• One concerned citizen

    This letter is why all of Contra Costa law enforcement has rejected the big Concord busines machine that backs Mark Peterson and has supported Dan O’Malley. Dan O’Malley, not Mark Peterson, truly believes in the mission of the Distirct Attorney…standing up for those who have been victimized.

  • BFlynnfam

    Jim, you have hit the nail on the head here. I hope Dan’s letter is published in the Times as a Guest Commentary in the same manner Sgt. Krieger’s letter was. I believe the Concord POA letter first appeared here before it made the paper. That only seems fair.
    Dan’s letter was well written and shows why he has widespread support throughout the law enforcement community. Jim, 80% of the hardworking DA’s currently in the office (like Ms. Schonfeld who won the Bautista Case this week) support Dan for the very reasons mentioned in the letter. The letter clearly shows that Dan cares deeply for the needs of crime victims in our community. As a DA and a judge he showed his commitment to victims. Victim’s rights groups have noticed also and support him in this election.
    Dan also does not run away from responsibility. He acknowledges that he still needs to continue learning to be a better servant. Dan is not the type of guy that likes to toot his own horn. It makes him uncomfortable, so he needs others to do it.
    In short, Dan is just a likable person. Real down to earth kind of guy. He is a leader, but never has to tell you that he is one. For instance, what gets little attention in this election talk is the many years Dan taught classes at the police academy to many of our current law enforcement officers. I imagine these law enforcement officers had an opportunity to observe Dan up close to see what his feeling were about crime, criminals, and victims of crime. They also were able to see Dan O’Malley the man. The bottom line is the cops simply like him and respect him. The numbers speak for themselves. The number of police agencies supporting Dan O’Malley is compelling when you consider Peterson has been a DA for the past 25 years working with these same agencies and O’Malley hasn’t been in the DA’s office for 10 years. That is simply embarassing for Peterson.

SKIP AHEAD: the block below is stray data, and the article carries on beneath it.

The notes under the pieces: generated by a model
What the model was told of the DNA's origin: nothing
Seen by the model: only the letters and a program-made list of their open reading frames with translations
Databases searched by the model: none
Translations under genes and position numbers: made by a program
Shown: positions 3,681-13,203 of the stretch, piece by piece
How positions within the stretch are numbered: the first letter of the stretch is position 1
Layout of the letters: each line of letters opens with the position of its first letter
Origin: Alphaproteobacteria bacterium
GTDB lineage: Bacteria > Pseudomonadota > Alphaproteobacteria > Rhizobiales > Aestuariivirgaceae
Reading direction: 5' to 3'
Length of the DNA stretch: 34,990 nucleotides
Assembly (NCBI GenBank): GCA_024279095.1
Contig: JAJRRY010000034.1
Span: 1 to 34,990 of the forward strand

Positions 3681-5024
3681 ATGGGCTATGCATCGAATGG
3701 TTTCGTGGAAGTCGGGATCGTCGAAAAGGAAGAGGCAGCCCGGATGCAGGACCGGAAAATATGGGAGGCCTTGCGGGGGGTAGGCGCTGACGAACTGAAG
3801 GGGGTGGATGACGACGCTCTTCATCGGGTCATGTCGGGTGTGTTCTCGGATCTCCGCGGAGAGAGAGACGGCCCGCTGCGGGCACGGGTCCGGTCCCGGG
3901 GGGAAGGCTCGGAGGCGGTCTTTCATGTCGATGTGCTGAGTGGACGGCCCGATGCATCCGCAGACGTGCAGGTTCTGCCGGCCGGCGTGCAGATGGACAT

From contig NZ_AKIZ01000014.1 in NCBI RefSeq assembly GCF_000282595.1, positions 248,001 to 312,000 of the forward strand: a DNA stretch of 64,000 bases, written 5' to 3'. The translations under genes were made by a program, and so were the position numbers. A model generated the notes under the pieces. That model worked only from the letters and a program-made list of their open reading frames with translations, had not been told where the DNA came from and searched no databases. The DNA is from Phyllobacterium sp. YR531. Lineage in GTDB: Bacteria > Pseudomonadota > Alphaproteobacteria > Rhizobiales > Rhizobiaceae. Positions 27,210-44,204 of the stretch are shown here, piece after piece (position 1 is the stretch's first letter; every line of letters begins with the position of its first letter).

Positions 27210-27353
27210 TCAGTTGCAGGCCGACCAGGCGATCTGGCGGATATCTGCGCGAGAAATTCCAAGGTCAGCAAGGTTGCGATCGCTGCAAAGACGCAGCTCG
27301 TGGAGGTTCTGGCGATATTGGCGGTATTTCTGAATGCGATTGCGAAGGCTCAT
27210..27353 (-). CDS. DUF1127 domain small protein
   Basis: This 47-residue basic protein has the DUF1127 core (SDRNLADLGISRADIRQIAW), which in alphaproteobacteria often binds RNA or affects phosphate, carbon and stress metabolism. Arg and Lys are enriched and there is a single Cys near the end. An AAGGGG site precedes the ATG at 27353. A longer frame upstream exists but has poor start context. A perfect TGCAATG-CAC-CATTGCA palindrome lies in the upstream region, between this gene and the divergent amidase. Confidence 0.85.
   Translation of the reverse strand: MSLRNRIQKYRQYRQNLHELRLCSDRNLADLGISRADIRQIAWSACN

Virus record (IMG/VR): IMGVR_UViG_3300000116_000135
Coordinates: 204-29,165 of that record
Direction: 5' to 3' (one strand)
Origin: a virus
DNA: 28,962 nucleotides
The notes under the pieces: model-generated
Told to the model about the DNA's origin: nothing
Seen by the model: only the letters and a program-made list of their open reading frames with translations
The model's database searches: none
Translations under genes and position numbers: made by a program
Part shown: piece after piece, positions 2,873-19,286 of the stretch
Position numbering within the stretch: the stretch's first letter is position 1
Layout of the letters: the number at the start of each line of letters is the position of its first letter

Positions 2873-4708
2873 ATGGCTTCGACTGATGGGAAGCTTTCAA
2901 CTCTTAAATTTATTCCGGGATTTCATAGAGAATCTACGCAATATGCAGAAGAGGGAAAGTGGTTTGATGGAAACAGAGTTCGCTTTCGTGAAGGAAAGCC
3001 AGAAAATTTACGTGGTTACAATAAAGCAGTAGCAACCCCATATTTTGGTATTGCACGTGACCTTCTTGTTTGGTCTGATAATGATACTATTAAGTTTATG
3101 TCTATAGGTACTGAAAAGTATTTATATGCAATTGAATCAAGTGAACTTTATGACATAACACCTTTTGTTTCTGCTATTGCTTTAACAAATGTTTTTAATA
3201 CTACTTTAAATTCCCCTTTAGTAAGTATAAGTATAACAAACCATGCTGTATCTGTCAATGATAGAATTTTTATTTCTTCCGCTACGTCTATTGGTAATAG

The problem voters are faced with here is that the road ahead for the next DA will be difficult. With a stormy financial forecast for the next few years, we need a leader with widespread support throughout the county, and an ability to work well with county government leaders to keep the office properly funded to protect the safety of the public. We need a leader that can work well with our law enforcement partners to find ways to continue to work effectively in these lean years ahead. Dan is that man. Dan’s overwhelming support by law enforcement, and bipartisan support of local politicians distinguish him as the only man suitable to run the DA’s office over the next several years. Please vote for Dan O’Malley for district attorney!

  • BFlynnfam